Click to View!

Sermons in Stone: The Stone Walls of New England and New York

Stone by Stone: The Magnificent History in New England's Stone Walls

Two Beautiful Books About Stone Walls in New England

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This is the type of house that Antony and his family would have lived in when they first arrived in New England. Note the thatched roof .......Antony's surname derives from the name of the craftsmen who made their living creating these.      
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Typical 17th Century English House
in Plymouth Colony

The Thachers prospered in the new land, and before long would build a substantial homestead, much like the one above, belonging to Winslow Crocker. This lovely colonial was built in 1780 next door to the Thacher house and is now owned by a Thacher descendant.

What was the clothing like that Antony and his wife wore? Here are a few examples of the clothing worn by early colonists (though these are more dressy than would be worn on a normal working day)

What did they eat? Antony and his family would have eaten a fairly bland, monotonous diet, especially during their early years in Yarmouth. Ale was their primary drink, though they drank water also, which was fresh and clean in Yarmouth, something that had not been the case in England.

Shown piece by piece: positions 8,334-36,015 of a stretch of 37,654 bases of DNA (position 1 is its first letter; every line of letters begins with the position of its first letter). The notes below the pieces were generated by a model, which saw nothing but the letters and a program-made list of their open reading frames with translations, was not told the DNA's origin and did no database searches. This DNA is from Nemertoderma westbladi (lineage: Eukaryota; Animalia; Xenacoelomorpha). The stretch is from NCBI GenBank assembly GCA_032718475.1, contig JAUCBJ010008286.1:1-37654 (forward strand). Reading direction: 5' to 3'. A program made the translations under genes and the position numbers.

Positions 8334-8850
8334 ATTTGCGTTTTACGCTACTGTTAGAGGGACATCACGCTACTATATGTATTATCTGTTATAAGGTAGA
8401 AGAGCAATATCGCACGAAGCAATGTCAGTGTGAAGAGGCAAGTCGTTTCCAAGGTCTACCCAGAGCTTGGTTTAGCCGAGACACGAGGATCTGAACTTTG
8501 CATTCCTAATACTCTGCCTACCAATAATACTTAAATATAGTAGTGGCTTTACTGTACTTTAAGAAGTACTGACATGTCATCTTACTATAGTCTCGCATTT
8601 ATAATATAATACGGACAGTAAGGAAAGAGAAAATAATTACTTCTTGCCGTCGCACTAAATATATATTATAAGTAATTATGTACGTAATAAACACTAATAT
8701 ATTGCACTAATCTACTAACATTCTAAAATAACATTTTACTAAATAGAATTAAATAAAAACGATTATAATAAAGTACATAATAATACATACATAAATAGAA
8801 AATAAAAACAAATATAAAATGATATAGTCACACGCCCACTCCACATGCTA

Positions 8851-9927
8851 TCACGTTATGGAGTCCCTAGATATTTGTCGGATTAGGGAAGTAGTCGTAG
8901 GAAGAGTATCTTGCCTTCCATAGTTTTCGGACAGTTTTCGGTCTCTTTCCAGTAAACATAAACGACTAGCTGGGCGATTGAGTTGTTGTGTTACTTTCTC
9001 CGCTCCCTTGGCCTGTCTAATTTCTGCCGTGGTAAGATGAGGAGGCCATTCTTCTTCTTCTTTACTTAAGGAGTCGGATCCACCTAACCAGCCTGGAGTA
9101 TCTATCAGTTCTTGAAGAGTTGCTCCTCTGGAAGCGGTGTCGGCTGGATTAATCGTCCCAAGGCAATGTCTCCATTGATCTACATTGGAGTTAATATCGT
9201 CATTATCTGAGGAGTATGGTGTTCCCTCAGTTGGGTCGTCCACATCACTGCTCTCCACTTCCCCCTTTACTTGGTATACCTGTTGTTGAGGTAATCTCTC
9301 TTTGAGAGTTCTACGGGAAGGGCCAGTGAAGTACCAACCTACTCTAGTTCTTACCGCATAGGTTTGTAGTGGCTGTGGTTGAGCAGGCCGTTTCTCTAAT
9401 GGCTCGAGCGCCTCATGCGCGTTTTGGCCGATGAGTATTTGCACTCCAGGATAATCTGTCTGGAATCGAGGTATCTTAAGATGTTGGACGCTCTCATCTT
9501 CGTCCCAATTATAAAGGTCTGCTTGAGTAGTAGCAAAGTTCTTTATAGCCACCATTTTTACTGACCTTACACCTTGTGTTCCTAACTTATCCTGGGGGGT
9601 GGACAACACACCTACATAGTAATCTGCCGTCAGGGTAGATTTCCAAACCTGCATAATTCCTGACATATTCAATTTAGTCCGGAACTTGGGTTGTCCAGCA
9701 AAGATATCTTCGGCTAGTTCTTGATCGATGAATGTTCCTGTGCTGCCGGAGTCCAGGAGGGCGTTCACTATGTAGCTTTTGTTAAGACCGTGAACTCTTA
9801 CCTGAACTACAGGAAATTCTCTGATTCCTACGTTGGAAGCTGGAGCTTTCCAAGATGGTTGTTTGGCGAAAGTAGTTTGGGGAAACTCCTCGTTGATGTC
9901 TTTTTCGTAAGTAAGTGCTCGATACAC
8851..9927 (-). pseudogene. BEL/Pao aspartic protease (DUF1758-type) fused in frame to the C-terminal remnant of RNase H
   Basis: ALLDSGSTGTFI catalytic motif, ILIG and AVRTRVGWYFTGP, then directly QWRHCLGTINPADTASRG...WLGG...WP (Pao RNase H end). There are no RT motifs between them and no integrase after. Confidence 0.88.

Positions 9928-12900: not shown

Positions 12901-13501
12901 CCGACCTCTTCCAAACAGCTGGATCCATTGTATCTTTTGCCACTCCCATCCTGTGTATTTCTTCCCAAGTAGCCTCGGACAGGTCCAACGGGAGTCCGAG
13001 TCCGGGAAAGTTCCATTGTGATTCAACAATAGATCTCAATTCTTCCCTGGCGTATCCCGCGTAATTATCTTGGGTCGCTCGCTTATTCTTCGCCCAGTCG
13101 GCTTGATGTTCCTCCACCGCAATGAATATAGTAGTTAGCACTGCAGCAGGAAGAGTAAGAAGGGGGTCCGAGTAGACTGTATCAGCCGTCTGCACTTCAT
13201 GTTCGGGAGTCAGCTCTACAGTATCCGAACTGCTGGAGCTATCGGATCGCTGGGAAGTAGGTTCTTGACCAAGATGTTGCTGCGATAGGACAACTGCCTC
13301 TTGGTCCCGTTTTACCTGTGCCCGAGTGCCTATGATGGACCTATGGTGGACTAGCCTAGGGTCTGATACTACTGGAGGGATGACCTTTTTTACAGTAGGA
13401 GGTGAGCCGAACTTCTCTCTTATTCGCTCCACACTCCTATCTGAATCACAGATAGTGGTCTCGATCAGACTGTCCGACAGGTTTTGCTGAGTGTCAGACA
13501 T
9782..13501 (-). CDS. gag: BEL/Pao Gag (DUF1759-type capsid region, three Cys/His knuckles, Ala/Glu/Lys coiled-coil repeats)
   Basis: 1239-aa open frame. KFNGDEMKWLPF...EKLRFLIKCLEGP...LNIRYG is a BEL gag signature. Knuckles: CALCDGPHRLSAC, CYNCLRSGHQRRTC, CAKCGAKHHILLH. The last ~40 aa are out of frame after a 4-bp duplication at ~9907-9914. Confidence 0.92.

"Pottage" was eaten daily, being a stew of grain, usually corn or barley, with anything thrown into it that could be had, such as a few leftover vegetables or some meat.

They would have had fish and meats; rabbit, wild turkey and other fowl, and venison.

Garden vegetables were eaten, such as squashes, potatoes and onions, and fresh greens and fruits could be had in season.

The settlers had learned to use corn as a staple from the Indians, and corn bread was a frequent offering.

Cheese was made from goat or cow's milk, though the milk itself was not normally consumed.

Cool link with different words and saying of the earliest settlers to New England.

The Native Wampanoags

"People of the first light"

The Settlers of Yarmouth lived and worked alongside the native Wampanoag Indians who were, for the most part, friendly with the newcomers. Having daily needs in common, there were many tasks that the two peoples shared and others unique to the native Americans.

Building Homes

Chopping Wood

Crafting Bowls

Wampanoag home called a "wigwam" or "weetu"

Depiction of Wampanoags with the settlers

One of my Cape Cod ancestors married a Wampanoag woman named "Little Dove". She is my one claim to having "native" blood!
(Recently I had dna testing done, and a small percentage of my ethnicity came back as South Asian. Since Native Americans are genetically Asians, I accept this as proof that I have at least this one Native American ancestor!)

Click on titles  to View!

Wampanoag Morning: Stories from the Land of the People of the First Light Before the English Invasion

Cape Cod Wampanoag Cookbook: Traditional New England & Indian Recipes, Images & Lore

Two books from the Wampanoag Tribe


Wonderful Book about Route 6a, the area where Antony Thacher and his family settled in 1639

Beautiful book for those who love to explore old cemeteries!

Stories in Stone: The Complete Guide to Cemetery Symbolism